More than 20 years ago, I discovered another writer and I read most of his books.  Leon Uris. Uris is American but his parents were Jewish  American. He writes  historical novels too, mostly about WWII and Poland.  Mila 18, QB VII and Trinity are my favorites.

Reading another Peter Mayle book at the moment.  Encore Provence, my third book of Peter Mayle.

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I can’t really believe he is gone  Peter Mayle, an author I discovered early  last year. He  was one of those authors that you would likely read again after reading one of his books.  I did.

I first read A Year In Provence, then the sequel Toujours  Provence  followed. Got this photo from his page at Facebook.

I wrote this very short review  (at Goodreads) when I finished reading A Year In Provence.  It is  a warm-hearted account of what Provencal life was like. I  actually rated it five-stars.

“Then you wish you had that glass of wine to go while reading this book. I am reminded of another book about country life in Italy with the book Under The Tuscan Sun by Frances Mayes. People say that Provence is France’s Tuscany while Tuscany is Italy’s Provence.” 

Rest in peace.

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I think I need this for now…..

The Journey
 
One day you finally knew
what you had to do, and began,
though the voices around you
kept shouting
their bad advice–
though the whole house
began to tremble
and you felt the old tug
at your ankles.
“Mend my life!”
each voice cried.
But you didn’t stop.
You knew what you had to do,
though the wind pried
with its stiff fingers
at the very foundations,
though their melancholy
was terrible.
It was already late
enough, and a wild night,
and the road full of fallen
branches and stones.
But little by little,
as you left their voices behind,
the stars began to burn
through the sheets of clouds,
and there was a new voice
which you slowly
recognized as your own,
that kept you company
as you strode deeper and deeper
into the world,
determined to do
the only thing you could do–
determined to save
the only life you could save.
   – Mary Oliver
Mary Oliver is one of my favorite poets. I have two of her books. From time to time I visit her site to be updated.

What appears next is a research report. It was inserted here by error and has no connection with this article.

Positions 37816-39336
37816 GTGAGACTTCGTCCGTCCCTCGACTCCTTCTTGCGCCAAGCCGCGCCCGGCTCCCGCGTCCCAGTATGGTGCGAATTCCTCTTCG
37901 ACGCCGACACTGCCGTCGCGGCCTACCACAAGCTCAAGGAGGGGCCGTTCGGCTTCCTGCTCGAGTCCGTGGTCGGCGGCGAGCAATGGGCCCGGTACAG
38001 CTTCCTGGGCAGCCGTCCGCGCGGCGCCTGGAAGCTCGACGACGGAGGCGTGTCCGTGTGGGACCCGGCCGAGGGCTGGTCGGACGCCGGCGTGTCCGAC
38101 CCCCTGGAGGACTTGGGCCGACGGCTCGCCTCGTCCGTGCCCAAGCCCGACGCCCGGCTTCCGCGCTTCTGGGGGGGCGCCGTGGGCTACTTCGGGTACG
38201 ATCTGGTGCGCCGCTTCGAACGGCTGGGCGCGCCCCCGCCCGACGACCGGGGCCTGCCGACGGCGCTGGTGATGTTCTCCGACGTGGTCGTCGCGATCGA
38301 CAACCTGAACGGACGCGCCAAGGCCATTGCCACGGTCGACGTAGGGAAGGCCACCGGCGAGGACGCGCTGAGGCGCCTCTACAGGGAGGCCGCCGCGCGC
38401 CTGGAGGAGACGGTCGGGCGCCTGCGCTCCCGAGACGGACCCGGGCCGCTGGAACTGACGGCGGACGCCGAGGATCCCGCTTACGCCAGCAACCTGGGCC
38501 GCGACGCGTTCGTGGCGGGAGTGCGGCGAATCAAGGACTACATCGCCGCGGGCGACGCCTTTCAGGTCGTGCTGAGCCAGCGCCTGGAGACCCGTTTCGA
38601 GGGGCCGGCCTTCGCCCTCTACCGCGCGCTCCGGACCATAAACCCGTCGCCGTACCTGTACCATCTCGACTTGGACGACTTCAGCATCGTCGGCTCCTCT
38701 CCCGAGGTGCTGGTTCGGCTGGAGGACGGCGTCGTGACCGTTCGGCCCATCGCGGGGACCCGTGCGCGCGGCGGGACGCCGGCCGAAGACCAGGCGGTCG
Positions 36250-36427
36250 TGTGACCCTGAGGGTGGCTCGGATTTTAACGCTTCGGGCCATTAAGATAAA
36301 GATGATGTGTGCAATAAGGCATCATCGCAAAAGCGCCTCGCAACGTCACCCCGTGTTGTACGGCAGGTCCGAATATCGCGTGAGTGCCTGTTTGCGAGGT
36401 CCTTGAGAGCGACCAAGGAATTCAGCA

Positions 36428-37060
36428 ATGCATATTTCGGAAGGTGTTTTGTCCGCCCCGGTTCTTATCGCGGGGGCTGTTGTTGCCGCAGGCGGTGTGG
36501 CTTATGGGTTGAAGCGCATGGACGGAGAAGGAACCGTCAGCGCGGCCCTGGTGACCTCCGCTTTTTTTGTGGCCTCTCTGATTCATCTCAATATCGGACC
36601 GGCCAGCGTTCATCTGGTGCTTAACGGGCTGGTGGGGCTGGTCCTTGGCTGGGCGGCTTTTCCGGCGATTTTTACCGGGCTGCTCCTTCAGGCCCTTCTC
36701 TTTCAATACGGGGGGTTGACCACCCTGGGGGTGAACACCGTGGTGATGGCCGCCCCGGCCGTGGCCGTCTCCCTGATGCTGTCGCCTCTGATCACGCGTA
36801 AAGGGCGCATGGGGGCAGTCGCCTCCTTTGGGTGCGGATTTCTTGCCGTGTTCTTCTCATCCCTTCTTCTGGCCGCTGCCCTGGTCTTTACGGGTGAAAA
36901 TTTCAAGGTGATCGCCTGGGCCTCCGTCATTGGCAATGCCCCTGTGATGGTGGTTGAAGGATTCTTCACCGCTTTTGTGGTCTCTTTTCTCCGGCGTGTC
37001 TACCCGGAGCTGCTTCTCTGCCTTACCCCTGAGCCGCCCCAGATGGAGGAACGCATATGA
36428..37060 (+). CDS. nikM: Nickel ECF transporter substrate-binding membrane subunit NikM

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With nowhere to go but here, with nothing to do but open the one life we’re given, a journey begins in which we experience life rather than dreaming that we can escape it.
– The One Life We’re Given (Mark Nepo)

I’ve been following Mark  Nepo for quite a while now. He was recommended by a poet friend who loves his writings. I don’t have any of his books but I love reading his updates and quotes about his writings online. His site is a treasure trove of excellent and inspiring words.

Here’s one poem that I love. It is called  The Way Under The Way.  You can find him here.

For all that has been written,
for all that has been read, we
are led to this instant where one
of us will speak and one of us will
listen, as if no one has ever placed
an oar into that water.

It doesn’t matter how we come
to this. We may jump to it or be
worn to it. Because of great pain.
Or a sudden raw feeling that this
is all very real. It may happen in a
parking lot when we break the eggs
in the rain. Or watching each other
in our grief.

But here we will come. With very
little left in the way.

When we meet like this, I may not
have the words, so let me say it now:
Nothing compares to the sensation
of being alive in the company of
another. It is God breathing on
the embers of our soul.

Stripped of causes and plans
and things to strive for,
I have discovered everything
I could need or ask for
is right here—
in flawed abundance.

We cannot eliminate hunger,
but we can feed each other.
We cannot eliminate loneliness,
but we can hold each other.
We cannot eliminate pain,
but we can live a life
of compassion.

Ultimately,
we are small living things
awakened in the stream,
not gods who carve out rivers.

Like human fish,
we are asked to experience
meaning in the life that moves
through the gill of our heart.

There is nothing to do
and nowhere to go.
Accepting this,
we can do everything
and go anywhere.

 
 

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Honestly, I didn’t know there is such a thing as this. a special day celebrated for book lovers. All these years I was not aware of it until a friend on Facebook forwarded this lovely  photo from Chicken Soup for the Soul. It was celebrated yesterday. Today, in our country, it’s already August 10.

How nice to celebrate a special day for books and readers alike. I love this photo. it shows the beauty of having books around with maybe a hot cup of coffee or tea on a rainy day.